The county party, led by former congressman Bob Turner, officially announced its support for mayoral candidate Paul Massey back in the beginning of May. However, almost immediately there was discontent among the rank-and-file members with the decision.
Many thought the endorsement came too soon and without the proper vetting of all the candidates, as many in the Queens County Republican Party were actually starting to be won over by Nicole Malliotakis, who was elected to the Assembly in 2010 to represent parts of south Brooklyn and Staten Island.
They were impressed by the fact that she defeated a two-term incumbent with 55 percent of the vote the first time she ran, a notable feat in a state and city where incumbents always have a significant edge, proving that she knows how to run a successful campaign.
But the discontent was all just gossip and conjecture and whispers. Until Saturday, that is.
A number of notable Republicans in Queens officially announced their support for Malliotakis outside the 105th Precinct in Queens Village over the weekend. They included City Council candidates Joseph Concannon and Marvin Jeffcoat, who are running against councilmen Barry Grodenchik and Jimmy Van Bramer, respectively.
Malliotakis also got the support of Phil Orenstein, Marie Lynch and Mike O'Reilly.
While they were quick to point out that their endorsement does not necessarily reflect the views of the membership of their respective clubs, it's worth noting that Jeffcoat is the president of the Sunnyside Republican Club, Orenstein is president of the Queens Village Republican Club, Lynch heads up the Frank Kenna Republican Club, and O'Reilly is president of the Rockaway Republican Club.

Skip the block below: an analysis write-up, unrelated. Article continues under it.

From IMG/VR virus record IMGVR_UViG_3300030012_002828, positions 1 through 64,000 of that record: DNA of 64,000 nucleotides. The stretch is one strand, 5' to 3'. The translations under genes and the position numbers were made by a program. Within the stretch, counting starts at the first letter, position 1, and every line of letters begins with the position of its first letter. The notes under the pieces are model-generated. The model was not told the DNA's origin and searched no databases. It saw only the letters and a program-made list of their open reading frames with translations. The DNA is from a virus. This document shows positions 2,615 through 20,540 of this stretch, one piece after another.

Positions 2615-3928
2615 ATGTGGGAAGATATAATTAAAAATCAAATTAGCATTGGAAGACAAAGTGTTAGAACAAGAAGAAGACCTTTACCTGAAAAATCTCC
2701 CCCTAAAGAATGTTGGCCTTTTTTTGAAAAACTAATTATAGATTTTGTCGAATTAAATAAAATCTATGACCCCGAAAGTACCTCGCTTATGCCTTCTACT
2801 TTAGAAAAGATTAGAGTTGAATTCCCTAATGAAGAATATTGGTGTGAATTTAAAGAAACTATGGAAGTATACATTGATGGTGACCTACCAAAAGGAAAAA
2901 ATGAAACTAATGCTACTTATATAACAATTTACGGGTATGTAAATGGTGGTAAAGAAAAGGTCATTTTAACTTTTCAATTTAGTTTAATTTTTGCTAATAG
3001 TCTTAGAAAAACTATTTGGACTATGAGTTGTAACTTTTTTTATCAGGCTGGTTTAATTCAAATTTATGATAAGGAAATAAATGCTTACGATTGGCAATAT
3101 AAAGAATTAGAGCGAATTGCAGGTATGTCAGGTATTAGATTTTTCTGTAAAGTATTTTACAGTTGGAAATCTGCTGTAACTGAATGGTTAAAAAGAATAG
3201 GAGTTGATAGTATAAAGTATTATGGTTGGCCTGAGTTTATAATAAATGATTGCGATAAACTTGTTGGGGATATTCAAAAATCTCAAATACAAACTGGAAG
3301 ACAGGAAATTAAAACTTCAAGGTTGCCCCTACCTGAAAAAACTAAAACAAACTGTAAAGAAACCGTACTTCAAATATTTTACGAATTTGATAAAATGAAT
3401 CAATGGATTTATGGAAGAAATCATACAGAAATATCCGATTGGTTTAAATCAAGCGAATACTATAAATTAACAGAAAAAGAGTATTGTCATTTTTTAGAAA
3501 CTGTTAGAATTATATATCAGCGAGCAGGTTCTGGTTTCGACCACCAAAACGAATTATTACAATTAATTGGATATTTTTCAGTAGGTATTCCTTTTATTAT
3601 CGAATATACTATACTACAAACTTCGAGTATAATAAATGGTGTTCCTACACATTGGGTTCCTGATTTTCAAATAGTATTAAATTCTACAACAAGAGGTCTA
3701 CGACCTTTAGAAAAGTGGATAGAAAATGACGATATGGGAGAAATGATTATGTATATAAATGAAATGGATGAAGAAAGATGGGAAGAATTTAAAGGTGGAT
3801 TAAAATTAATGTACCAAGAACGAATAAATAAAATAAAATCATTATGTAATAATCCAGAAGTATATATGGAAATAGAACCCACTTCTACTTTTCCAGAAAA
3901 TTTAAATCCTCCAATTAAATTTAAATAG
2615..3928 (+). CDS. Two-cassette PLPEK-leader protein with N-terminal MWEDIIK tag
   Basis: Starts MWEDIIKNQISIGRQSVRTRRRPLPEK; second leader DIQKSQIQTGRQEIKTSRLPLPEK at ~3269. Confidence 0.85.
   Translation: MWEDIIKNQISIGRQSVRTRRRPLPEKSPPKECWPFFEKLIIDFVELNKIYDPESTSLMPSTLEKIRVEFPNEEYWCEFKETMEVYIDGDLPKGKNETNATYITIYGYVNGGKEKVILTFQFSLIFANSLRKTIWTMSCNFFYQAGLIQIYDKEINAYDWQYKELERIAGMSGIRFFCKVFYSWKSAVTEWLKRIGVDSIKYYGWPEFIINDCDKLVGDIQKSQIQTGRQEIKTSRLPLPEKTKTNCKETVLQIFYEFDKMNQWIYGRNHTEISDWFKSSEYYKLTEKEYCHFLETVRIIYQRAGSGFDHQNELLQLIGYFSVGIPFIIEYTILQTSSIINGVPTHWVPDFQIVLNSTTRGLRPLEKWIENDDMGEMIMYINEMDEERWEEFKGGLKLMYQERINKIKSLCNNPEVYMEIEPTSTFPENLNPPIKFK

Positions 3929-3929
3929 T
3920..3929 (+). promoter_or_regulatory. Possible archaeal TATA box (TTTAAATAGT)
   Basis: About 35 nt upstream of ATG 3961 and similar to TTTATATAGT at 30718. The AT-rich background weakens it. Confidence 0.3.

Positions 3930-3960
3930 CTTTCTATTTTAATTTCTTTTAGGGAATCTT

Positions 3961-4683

On a side note, O'Reilly doesn't have much incentive to stay loyal to county leadership. Many believe he was to be the party's choice to run as public advocate this year, only to learn that the party was going to pull its support at the last minute.
But back to Malliotakis, it's a terrible look for the party to have some of its most prominent members buck leadership and endorse another candidate. This after the party's most recognizable face – Councilman Eric Ulrich – was touting Bo Dietl and showing him around his south Queens district even as the party was supporting Massey.
It's part of a growing dissatisfaction with the party leadership and its inability to put up strong candidates in a borough that has shown a willingness to elect Republicans in the past.
Case in point is the race in District 30 for the City Council. Until Elizabeth Crowley was elected, the district was always represented by a Republican, but the Queens GOP has yet to put up a candidate in a district that is technically winnable.
The Republican Party used to be a player in Queens politics in a city that leans heavily Democratic, but if the party can't put up candidates outside the ones who can manage to go it alone, its relevance is going to continue to wane.